Making the Selection

‘Carry rotation’ means different
things to different people
; .

Mas’ test came down to these two Commander-format 9mm
finalists — Springfield above, Ruger on right.

My primary job is that of firearms and deadly force instructor so I habitually carry a handgun for work as well as normal personal protection. I also compete when I can, partly as a hobby and partly just for skill maintenance. While John Bianchi’s rule — same type of gun, same type of holster, all the time — is absolutely valid for personal defense, an instructor has to stay familiar with the different guns his students bring. This has led me to change primary carry guns frequently over the years. Another factor is gun tests for magazines like this one: One metric of carry gun testing is to carry it for a while, to see if it’s going to dig into the body or snag on clothing or print.

I used to change guns every training tour. In the last few years, I’ve gotten a bit lazy and the changes are more seasonal. Because one of my “user parameters” is competition shooting, it makes sense for the gun I’ll be carrying, handling and demonstrating in class to be as similar as possible to what I’ll be competing with. It builds a symbiotic relationship.

The first quarter of the year is when my schedule synchronizes best with that of GSSF, the GLOCK Sport Shooting Foundation, so my carry gun then is usually the Pre-eminent Polymer Pistol in one flavor or another. For 2022, as the first quarter flowed into the second, I knew my next match would be my all-time favorite, The Pin Shoot in Central Lake, Mich. in June. I usually shoot 1911s there, so it was time to switch. The Gen5 GLOCK 19 that had been my companion most of the early part of the year went into the safe.


Three rounds each, three different stances, 15 yards, PPC speed. The low shot
ruining a 3" group for Ruger was Mas’ fault, not the pistol’s.

Sights broke the tie: factory furnished on Springfield Ronin (above) and Ruger SR1911.

Selection Parameters

Light weight was one parameter of selection due to sciatica, which set in mercilessly in 2020. There are a couple each of lightweight Colt Commanders and CCOs in the safe, chambered for .45 ACP. However, arthritis has set in along with everything else and a day of shooting with a lightweight .45 auto and full-power ammo leaves hand and wrist aching reminding me by evening I’m not 35 anymore. I decided to go 9mm.

I am sure the very concept of a 9mm 1911 makes Jeff Cooper roll over in his mausoleum but today’s 9mm ammo isn’t what it was when Jeff bonded with the .45 and pushed for the 10mm. My carry load in a 1911 9mm is Winchester’s Ranger-T 127-grain +P+ jacketed hollow point. It has earned an enviable reputation for “stopping power” in the 4.25″ barrels of SIG P226s in Orlando and in the 4.5″ barrels of GLOCK 17s carried by Miami-Dade and Jacksonville cops. Rated for 1,250 foot-seconds from a service-size gun, it has about the ballistics of a 125-grain .357 Magnum from a snub-nose revolver, with much less kick, blast and flash. It’s the kind of ballistics to inspire confidence. I fly to some of my teaching venues and can carry about twice as much 115-grain 9mm training ammo as 230-grain .45 hardball within the airlines’ 11-lb. ammo limit in checked baggage. Ten-round states were also on the schedule and with Wilson Combat magazines I could carry the maximum allowed.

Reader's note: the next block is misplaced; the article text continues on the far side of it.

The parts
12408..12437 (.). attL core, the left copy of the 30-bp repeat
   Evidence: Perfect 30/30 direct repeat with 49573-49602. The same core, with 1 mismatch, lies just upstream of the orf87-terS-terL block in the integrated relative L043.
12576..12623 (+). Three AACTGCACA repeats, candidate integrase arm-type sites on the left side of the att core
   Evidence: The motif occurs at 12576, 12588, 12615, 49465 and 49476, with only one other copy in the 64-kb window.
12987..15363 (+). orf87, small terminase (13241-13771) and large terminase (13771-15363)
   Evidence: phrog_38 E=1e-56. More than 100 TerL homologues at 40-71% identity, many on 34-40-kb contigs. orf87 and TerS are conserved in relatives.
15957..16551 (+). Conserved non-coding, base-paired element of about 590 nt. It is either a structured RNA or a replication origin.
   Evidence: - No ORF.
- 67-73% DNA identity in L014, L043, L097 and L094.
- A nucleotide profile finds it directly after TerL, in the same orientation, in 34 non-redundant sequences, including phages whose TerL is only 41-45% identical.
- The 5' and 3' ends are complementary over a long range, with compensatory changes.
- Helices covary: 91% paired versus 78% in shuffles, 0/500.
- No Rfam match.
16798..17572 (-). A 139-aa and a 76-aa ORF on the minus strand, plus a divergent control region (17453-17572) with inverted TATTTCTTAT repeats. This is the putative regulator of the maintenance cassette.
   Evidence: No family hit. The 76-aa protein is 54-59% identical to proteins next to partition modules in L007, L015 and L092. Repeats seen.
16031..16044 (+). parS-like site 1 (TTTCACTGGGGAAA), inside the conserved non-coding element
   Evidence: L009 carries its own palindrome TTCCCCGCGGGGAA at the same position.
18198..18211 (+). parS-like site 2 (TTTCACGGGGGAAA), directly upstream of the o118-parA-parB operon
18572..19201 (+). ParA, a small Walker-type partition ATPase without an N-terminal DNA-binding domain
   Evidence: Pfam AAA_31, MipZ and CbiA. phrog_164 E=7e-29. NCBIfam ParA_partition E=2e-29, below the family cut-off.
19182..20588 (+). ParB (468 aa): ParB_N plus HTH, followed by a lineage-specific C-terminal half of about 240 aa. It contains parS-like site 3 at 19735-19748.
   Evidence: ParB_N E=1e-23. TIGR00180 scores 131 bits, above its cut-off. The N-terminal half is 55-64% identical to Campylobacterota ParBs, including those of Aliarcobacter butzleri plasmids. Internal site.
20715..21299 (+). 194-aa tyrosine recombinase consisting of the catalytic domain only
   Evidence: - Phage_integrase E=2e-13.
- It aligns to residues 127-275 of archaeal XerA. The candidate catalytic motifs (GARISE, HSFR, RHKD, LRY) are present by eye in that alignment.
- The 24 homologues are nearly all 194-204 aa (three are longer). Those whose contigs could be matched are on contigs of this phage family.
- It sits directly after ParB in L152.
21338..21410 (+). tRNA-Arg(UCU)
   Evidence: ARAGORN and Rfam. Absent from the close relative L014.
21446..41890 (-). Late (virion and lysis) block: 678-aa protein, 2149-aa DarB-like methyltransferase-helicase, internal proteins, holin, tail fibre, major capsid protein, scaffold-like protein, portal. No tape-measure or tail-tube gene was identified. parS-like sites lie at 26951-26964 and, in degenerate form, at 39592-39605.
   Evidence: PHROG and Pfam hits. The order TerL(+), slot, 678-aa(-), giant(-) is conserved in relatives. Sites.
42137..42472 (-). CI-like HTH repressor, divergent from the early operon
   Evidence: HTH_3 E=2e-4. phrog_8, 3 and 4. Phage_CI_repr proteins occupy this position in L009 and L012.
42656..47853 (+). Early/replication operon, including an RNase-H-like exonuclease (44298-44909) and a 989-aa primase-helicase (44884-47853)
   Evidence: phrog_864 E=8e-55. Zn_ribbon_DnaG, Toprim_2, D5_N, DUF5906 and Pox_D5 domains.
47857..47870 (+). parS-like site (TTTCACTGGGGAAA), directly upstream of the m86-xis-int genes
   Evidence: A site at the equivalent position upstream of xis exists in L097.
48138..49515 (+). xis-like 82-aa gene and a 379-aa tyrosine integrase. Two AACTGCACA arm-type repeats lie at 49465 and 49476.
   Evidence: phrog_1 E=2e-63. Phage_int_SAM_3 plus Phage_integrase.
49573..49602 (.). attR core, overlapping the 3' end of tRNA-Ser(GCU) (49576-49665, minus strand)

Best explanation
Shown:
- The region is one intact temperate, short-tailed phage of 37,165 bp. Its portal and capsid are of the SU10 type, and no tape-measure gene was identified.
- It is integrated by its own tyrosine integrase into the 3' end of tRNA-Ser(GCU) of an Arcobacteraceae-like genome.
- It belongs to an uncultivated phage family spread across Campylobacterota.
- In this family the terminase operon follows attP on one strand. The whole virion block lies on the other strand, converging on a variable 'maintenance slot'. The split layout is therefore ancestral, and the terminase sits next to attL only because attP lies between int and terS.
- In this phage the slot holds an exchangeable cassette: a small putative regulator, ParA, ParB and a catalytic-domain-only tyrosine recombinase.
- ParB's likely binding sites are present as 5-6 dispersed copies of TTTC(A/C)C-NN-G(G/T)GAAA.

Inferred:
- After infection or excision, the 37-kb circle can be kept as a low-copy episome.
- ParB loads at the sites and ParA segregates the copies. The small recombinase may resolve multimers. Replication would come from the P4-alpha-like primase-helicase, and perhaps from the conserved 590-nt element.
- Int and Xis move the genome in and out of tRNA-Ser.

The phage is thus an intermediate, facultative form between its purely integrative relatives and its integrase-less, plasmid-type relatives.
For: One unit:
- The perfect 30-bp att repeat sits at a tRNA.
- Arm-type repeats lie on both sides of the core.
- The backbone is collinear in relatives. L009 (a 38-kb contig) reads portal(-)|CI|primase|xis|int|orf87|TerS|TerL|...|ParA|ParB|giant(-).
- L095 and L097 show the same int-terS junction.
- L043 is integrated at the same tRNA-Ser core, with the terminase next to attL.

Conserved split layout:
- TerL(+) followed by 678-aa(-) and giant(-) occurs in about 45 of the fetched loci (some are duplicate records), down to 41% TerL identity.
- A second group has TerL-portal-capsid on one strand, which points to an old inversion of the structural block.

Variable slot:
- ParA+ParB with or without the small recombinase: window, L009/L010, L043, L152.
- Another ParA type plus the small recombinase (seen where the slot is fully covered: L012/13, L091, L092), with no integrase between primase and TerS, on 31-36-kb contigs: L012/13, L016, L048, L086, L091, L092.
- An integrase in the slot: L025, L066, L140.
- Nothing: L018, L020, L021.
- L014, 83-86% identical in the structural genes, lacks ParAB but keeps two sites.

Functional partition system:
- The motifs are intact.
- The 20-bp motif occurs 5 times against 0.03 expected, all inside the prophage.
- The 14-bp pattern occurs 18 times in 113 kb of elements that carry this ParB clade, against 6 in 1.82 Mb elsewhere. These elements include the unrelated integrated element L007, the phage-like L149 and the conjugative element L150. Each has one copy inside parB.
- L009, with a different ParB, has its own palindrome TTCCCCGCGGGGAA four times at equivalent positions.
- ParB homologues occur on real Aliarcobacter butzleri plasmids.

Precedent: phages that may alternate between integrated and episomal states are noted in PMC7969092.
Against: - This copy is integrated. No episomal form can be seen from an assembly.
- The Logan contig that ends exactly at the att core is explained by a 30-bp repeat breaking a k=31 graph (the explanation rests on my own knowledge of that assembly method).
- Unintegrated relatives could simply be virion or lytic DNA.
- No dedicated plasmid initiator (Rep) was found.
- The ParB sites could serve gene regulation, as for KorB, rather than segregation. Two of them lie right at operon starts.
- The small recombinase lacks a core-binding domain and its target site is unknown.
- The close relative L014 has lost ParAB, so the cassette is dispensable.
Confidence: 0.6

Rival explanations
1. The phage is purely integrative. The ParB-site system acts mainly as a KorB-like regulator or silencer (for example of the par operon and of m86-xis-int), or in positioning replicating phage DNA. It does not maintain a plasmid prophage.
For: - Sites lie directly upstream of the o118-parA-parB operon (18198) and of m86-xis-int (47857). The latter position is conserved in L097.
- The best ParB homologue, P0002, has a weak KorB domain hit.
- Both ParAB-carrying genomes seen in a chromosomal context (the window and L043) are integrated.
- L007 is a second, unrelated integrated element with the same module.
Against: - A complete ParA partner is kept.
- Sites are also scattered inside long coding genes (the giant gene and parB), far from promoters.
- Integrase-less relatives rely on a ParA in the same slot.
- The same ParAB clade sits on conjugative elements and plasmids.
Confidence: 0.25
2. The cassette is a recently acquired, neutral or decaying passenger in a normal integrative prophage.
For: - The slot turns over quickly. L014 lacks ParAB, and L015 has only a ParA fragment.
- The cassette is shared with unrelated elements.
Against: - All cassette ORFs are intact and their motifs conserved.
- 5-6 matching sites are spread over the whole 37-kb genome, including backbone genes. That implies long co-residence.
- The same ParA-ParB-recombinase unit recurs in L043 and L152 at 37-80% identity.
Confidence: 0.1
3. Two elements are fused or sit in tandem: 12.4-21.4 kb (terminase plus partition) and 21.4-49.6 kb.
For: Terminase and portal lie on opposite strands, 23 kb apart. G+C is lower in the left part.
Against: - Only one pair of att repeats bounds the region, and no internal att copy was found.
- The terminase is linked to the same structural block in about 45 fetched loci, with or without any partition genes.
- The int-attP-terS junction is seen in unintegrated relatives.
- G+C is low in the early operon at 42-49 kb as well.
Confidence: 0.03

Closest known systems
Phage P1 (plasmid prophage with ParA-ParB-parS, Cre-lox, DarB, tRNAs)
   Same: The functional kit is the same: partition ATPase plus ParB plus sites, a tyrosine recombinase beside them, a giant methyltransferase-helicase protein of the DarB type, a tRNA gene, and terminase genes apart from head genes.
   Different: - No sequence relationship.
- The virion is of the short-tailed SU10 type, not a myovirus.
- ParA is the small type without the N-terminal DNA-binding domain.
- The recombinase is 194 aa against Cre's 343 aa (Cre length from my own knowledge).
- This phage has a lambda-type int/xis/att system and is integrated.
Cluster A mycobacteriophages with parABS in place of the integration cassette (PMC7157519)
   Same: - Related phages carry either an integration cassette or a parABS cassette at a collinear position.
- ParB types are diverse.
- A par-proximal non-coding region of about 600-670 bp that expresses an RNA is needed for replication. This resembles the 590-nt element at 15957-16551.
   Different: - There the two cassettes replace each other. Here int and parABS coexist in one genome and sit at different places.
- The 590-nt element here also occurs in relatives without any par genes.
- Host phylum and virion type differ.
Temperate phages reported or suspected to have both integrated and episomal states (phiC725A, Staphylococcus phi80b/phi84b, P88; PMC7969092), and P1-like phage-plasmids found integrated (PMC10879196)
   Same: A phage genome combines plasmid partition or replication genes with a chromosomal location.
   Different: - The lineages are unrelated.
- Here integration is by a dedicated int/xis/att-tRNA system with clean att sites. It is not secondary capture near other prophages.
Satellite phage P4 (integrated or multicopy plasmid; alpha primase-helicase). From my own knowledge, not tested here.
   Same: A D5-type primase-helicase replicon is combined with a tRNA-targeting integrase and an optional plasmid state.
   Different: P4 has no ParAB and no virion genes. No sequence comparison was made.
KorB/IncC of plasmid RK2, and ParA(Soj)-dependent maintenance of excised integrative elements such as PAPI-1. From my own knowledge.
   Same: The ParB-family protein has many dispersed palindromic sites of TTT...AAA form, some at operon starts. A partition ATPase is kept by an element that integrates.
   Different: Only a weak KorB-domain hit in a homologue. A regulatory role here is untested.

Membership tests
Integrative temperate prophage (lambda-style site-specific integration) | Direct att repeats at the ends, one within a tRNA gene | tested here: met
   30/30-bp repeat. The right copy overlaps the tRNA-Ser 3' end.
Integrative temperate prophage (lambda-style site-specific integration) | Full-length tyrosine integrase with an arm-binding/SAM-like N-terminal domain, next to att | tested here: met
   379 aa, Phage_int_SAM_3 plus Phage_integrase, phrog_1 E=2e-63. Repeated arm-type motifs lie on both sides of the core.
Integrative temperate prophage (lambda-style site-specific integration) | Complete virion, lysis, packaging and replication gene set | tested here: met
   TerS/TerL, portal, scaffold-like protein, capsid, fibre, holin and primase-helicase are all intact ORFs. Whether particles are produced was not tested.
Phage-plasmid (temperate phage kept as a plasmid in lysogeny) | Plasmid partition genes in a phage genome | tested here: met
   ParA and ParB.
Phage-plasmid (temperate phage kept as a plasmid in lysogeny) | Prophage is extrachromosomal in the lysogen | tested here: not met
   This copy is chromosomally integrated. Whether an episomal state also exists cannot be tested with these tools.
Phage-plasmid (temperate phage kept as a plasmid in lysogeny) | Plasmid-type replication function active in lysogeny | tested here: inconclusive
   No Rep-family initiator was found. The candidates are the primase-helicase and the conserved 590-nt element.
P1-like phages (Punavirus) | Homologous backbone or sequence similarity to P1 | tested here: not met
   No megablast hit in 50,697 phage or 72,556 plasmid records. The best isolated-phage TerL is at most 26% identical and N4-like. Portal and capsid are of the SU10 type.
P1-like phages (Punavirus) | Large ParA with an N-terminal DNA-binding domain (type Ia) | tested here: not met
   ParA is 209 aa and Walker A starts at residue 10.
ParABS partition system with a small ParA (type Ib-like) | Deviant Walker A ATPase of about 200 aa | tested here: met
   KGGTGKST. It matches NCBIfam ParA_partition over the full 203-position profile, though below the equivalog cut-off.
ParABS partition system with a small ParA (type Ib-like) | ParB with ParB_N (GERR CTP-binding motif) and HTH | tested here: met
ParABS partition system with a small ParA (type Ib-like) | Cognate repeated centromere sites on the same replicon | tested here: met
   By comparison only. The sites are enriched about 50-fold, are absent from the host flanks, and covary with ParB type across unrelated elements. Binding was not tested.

Fiber optic front sight may have given the Springfield an edge on Bianchi plates.


The gun safe yielded four aluminum-frame candidates, all two-tone. Three were Springfield Armory brand — the original EMP, the new Ronin EMP and a Ronin Operator in standard Commander size. Rounding out the quartet was a Ruger SR1911 Commander. All had triggers in the 4- to 5-lb. pull range. I threw in a 5″ all-steel Springfield match grade 1911 as a control gun.

I started with offhand shooting at 15 yards, running three shots each from the three two-handed stances I share with students: Classic Weaver, Chapman-modified Weaver and Isosceles. All of them gave 3″ to 4″ groups. It was pretty much a tie there. The full-size control gun, with BoMar-like sights, went a little tighter but was heavier than I wanted to carry.

I actually prefer the feel of the EMPs. Dave Williams scaled down these Enhanced Micro Pistols for the 9mm cartridge, allowing me to get more hand around the gun and more finger on the trigger. But, since the purpose of going 1911 was to re-acclimate to the full-size 1911s I’d be using at the Pin Shoot, I reluctantly set them aside.

It came down to the Ruger and the Ronin. Both are excellent pistols in the sub-$1,000 price range. The Ruger had been a prize for winning a pistol match in Texas in 2017, so it had a little emotional attachment to it and carried some confidence with it, if you know what I mean.

In the end, it was the sights that made the difference. The SR1911 came with fixed white dot Novak clones, while the Ronin had a ledged rear and red fiber optic front. My final test on the Bianchi plates from 11 yards showed me about a second faster with the big red ball on the front of the Springfield. Its ledged rear sight would also allow me to demonstrate working the slide one-handed in an emergency with the edge of it against the belt, while the streamlined Novak would have slipped off. “Feelz” have to give way to performance. For those particular needs, at that particular time, the Springfield 9mm Ronin Operator won the selection process.

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